• A list of all of the playwright's work
    • A casting list for all of the characters and a brief biography of the actors
    • Information about the historical time period or city that the play takes place in
    • A sample print advertisement that will be featured in newspapers and magazines for the press kit OR a cover for the playbill
    • Acknowledgements - this should serve the same function as a bibliography for all the resources you used to produce all of the information

    Feel free to use the "ORGANIZING CHART AND ASSIGNMENTS" organizer to help you coordinate the group's efforts.

    Tips

    • The teacher may want to bring in sample playbills to the students to use as a model.
    • The groups may also want to include advertisements to fill in some of their pages.
Extension Activities

Additional Activities:

  • As an extension, perform one of the plays the students have chosen. If there isn't time to perform and study the whole play, act out one scene or act.

  • The Public Theater is involved in training a new generation of classical performers and creating opportunities for new writers through the "Shakespeare Lab," an annual summer acting intensive and play reading series. For students who are interested in the Dramatic Arts, they can develop an in-school or afterschool workshop modeled after the Shakespeare Lab, where they can work on acting and producing self-created works as well as reading new and classic plays by established playwrights. In creating the workshop, students can consider the following:


    1. What is the mission of the workshop?
    2. Will there be someone like a teacher or instructor to act as an advisor for the workshop?
    3. Will there be a formal syllabus for the workshop?
    4. Will students perform a play as the culminating project? If so, how will you find funding sources?
    5. Do you want to invite theater professionals to give guest lectures, discussions and demonstrations?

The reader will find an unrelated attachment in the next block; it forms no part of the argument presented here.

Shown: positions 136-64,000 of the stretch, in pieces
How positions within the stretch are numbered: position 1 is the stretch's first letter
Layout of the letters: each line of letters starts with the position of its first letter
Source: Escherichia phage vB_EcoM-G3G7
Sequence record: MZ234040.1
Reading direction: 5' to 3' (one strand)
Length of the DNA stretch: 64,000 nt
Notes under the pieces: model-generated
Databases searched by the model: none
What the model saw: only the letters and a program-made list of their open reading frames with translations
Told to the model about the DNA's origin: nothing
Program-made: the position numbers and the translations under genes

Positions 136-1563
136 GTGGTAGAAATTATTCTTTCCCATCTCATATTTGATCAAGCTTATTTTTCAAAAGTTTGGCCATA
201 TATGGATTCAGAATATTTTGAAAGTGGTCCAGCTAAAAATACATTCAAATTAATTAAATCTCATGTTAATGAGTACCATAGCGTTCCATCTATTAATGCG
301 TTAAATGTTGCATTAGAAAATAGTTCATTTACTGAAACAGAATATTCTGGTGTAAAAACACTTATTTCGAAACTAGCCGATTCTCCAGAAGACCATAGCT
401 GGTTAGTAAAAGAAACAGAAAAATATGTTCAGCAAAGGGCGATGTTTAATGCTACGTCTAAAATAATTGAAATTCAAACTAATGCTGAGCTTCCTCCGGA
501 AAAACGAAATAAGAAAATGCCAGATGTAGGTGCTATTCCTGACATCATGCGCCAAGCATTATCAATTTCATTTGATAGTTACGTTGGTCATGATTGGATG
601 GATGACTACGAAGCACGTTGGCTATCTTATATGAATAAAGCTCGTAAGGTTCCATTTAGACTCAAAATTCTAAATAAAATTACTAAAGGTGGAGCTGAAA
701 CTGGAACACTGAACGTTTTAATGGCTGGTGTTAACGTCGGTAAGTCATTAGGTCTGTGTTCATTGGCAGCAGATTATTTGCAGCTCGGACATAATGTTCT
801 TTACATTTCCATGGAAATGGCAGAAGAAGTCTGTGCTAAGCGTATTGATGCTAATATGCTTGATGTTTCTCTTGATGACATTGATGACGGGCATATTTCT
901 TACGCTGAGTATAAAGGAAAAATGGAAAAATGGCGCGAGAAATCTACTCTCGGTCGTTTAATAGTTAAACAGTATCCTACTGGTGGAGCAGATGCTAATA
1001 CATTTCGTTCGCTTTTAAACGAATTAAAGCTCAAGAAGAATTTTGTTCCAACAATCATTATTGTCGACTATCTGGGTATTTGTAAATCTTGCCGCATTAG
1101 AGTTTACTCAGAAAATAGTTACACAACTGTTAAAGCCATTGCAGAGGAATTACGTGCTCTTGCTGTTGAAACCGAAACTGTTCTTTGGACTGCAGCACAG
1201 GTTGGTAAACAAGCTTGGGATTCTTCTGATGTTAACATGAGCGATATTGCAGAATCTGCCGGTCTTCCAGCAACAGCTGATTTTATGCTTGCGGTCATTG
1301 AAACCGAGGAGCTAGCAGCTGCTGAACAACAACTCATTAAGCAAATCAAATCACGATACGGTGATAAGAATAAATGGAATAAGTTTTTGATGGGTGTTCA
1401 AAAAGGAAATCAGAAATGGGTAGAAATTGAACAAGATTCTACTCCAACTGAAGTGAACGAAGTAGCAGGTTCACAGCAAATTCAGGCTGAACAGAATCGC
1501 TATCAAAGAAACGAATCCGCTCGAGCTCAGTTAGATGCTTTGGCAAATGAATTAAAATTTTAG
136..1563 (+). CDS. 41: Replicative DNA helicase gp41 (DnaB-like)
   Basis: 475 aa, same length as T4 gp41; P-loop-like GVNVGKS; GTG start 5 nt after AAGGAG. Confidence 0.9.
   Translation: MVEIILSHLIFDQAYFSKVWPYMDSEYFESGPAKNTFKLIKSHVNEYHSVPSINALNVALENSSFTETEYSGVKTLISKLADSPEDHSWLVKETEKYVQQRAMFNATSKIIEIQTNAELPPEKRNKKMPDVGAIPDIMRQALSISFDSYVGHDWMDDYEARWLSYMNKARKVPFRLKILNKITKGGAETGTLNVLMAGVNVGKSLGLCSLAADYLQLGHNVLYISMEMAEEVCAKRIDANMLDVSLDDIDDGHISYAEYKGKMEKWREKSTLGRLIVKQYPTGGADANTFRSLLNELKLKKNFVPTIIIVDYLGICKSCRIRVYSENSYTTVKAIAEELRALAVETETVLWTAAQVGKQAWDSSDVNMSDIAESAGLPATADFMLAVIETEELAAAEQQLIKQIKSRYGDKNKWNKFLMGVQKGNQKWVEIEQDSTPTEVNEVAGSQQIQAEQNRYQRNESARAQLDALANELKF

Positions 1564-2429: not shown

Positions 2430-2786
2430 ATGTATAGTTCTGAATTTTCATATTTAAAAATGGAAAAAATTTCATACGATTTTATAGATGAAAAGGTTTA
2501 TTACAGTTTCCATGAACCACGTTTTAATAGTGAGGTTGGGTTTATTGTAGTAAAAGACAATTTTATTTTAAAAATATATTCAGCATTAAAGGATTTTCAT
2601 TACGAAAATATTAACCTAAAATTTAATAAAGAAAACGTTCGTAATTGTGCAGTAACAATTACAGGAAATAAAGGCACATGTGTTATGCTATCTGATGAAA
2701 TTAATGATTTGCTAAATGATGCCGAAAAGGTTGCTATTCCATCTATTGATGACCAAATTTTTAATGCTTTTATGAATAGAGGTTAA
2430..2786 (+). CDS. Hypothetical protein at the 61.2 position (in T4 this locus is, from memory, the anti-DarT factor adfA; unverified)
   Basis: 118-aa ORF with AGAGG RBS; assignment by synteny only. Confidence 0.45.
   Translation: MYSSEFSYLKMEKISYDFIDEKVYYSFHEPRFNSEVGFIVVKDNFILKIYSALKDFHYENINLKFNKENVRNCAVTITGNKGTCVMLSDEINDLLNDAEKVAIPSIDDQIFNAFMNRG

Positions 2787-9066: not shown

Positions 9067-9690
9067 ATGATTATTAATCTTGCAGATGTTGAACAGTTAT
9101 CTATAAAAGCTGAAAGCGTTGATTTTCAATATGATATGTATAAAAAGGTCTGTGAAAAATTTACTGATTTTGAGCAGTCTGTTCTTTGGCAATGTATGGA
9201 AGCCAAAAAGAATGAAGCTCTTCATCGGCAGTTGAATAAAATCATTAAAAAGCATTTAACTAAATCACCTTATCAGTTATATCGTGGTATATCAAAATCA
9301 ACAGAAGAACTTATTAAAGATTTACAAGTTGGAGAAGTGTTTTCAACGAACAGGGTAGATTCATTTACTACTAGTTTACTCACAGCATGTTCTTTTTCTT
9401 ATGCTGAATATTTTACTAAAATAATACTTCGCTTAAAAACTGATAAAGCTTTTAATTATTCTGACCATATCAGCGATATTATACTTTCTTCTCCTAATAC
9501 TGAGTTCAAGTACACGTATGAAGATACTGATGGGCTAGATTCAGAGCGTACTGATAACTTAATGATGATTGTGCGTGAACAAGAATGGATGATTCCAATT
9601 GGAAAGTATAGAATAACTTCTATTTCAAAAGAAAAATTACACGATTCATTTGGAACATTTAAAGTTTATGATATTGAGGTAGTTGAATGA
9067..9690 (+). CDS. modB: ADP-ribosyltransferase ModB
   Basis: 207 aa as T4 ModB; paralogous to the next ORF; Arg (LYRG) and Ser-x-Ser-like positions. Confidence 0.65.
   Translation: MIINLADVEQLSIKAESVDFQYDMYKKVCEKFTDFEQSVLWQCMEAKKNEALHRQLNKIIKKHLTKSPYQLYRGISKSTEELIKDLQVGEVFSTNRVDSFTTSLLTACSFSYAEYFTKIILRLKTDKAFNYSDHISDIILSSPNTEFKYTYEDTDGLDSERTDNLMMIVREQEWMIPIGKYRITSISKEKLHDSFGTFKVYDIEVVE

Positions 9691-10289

• Another extension of the "Shakespeare Lab" idea is to create a playwriting class or playwriting club for students who are interested in writing.

  • Ask the students to find out whether there are public theaters in other parts of the country. As examples, tell students to check out the Pittsburgh Public Theater and The Public Theater of South Florida. Ask students to write an essay comparing the Public Theater in New York with a theater in a different geographical area. Encourage students to contact the theaters directly and perhaps even conducting some interviews of key staff. Some questions that students can respond to are: Why did these other public theaters start? Do they have missions similar to the Public Theater in New York? Are their missions shaped by the community in which the theater is located, and if so, how?

Cross-Curricular Extensions:

  • Literature
    read the play in class and hold a book group or book discussion.

  • History
    study the time period during which one of the plays takes place.

  • Drama
    watch clips from any of the encore presentations shown on Thirteen following NEW YORK VOICES: "The Public" at 50.

Community Connections:

  • Perform one of the plays chosen for the project for the school community, friends and family.

  • Submit your ideas (or the actual press kit or playbill) to The Public Theater.

  • Have students attend a theater performance and ask them to write a critical review of the show. Ask students to consider the following criteria when viewing the play:

    1. Quality of playwriting, acting, set design, costume design, light and sound effects
    2. Audience response to the story and presentation
    3. Would this play work well in The Public Theater? Why or why not?


Overview | Procedures for Teachers | Organizers for Students